Bako national park

Trip Start Oct 03, 2012
1
152
211
Trip End Nov 28, 2013


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Flag of Malaysia  , Sarawak,
Friday, June 7, 2013

Bako National Park isn't an island off of Borneo but may as well be one. It is a peninsula facing the South China Sea and cut off from the rest of Borneo by extremely dense, impassable and diverse jungle. Bako National Park is unique in Borneo and the World for hosting an unusually diverse number of ecosystems, wildlife and geology.

You can't come to Kuching or Borneo without visiting this strange place and it has been on our hit list before arriving in Borneo. Off the back of our recent bout of activity with Longhouses, Orang-gutans and Fairy caves we pulled together a group of 'the like-minded' from our hostel 'to do' Bako!

Going to Bako in a group has its distinct advantages for the well informed and we invoked our 'group privilege' after arriving on the 8am local bus from Kuching at the port entrance to Bako. The locals take you by speed boat around the coast to the National Park Centre situated on a large rather picturesque beach and takes about 30 minutes. There's no access via road or air!

Confusion and mis-understanding is the order of the day and is how profit is probably made here (off of the poor tourists). You can only be taken in groups of 6 by a designated boat and local boatman to Bako (which is fair enough). You could safely get 3 times more passengers in to each boat and the reason for the small number is all because of safety apparently. (There was no mention of any lifejackets...) Upon return you and exactly the same configuration of passengers, boat and boatman must arrive back at the port. If plans change and you decide to stay longer you must pay for a full journey back on a new boat, and make sure you are travelling with more than just yourself so that the (mounting) cost can be split. For the unplanned you'll be rinsed of your cash before you know it, as well as being penalised for wanting to stay longer or leaving earlier. Guys on a daytrip to Bako and travelling alone need to have a fat wallet if they can't get into a group. Anyhoo that's 'the system' and there's no choice (on top of the standard and well advertised difference in Tourist and Malaysian admission costs - we must always pay double or more!).

Gripe over.

What a morning though! Blue skies and searing sun. We landed at the beach and jumped into the shallow surf to check-in at the park office. The place was amazing - the beach is long curved and deserted and the jungle rises up from the beach on all sides - this is pretty much paradise on a stick! Greeting us around the Bako centre and on the beach were those cheeky little Macca's. They were scoping out everyone's bags for a sign of weakness, something shiny or food...they're quick and audacious!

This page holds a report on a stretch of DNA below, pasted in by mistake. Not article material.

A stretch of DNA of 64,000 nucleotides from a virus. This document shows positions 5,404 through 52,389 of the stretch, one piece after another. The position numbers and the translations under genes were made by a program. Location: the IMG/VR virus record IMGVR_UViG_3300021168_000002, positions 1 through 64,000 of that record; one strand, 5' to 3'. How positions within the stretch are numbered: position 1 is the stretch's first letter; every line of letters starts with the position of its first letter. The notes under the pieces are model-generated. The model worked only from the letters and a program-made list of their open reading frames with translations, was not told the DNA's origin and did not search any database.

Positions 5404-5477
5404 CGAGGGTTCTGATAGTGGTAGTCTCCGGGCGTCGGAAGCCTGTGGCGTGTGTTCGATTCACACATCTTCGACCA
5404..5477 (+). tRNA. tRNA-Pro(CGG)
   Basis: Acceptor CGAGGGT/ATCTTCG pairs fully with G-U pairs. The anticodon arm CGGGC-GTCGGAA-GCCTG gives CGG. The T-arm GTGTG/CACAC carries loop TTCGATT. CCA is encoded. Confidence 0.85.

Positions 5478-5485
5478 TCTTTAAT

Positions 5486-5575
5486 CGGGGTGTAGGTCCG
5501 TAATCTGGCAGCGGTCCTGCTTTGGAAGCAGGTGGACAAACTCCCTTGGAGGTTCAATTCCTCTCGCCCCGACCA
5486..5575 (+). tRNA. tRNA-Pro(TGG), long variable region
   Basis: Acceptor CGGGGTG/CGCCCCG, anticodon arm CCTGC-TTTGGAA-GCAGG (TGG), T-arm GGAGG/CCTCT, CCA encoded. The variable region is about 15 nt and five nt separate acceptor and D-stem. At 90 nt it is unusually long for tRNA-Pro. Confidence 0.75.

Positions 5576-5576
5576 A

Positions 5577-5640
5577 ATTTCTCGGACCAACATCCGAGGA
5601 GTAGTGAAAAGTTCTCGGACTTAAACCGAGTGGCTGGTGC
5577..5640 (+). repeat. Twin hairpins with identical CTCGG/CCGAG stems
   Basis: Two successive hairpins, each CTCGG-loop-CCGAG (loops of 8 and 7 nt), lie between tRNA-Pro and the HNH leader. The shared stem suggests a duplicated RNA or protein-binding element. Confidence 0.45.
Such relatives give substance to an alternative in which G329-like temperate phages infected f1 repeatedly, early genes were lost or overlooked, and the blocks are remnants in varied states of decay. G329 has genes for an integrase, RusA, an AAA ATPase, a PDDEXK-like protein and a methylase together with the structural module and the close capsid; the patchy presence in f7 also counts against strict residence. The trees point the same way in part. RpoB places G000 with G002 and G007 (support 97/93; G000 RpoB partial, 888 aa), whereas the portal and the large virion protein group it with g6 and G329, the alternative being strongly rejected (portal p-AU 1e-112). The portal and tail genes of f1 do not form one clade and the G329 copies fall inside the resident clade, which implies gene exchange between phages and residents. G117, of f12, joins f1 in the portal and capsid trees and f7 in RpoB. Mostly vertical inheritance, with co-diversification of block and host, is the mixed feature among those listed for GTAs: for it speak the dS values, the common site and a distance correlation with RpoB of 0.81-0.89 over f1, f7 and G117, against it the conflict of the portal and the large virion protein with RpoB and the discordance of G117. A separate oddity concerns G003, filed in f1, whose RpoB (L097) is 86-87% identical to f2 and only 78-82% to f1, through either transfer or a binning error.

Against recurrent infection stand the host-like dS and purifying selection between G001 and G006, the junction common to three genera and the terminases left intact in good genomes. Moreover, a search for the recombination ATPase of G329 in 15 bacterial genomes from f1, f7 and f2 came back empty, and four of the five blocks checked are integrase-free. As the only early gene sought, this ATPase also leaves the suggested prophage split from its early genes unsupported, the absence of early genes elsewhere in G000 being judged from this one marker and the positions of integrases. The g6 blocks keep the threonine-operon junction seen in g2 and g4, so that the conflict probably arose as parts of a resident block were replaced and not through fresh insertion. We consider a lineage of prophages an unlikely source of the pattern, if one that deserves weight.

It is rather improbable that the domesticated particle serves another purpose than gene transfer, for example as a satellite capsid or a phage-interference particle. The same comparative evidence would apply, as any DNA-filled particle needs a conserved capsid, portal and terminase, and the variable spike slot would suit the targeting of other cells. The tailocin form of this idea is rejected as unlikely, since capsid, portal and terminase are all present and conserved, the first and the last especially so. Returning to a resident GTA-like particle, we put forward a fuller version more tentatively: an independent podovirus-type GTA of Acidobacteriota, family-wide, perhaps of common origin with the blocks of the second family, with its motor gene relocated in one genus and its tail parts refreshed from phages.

Our dorms weren't available until 2pm so exploration was the order of the day and we all got cracking.

It's very hot and close to 100%252525 humidity even that early in the morning - so you can imagine that a hike will take its toll to the non-initiated. The views over Besar were totally stunning though looking out upon the China Sea and the volcanic terrain mixed with dense jungle.

The small cove called Kecil we eventually got to was too tempting and we descended to take a dip and take shelter from the searing heat of the sun.
On our return beaten some what by the heat we got our first glimpse of the elusive Probiscus monkey. Yep not only a really big nose but these guys sport a full on male erection all of the time - Nature can be cruel.

Not wanting to finish early and waste an opportunity we booked-in on the night walk into the jungle. Wow! The wildlife had come out to play - this is what we were lucky enough to see on just a 90 minute walk into the surrounding jungle (on top of that we had a massive thunder and lightning storm happening too - not for the faint hearted):

Scorpion (the one that glows...)
Flying lemur
Green viper snake
Giant stick insects
Tarantula
Spiders
Hissing beetle
Kingfisher
Swallows
Green bark frog (poisonous)
Tortoise
Non stinging bees
Giant grasshopper
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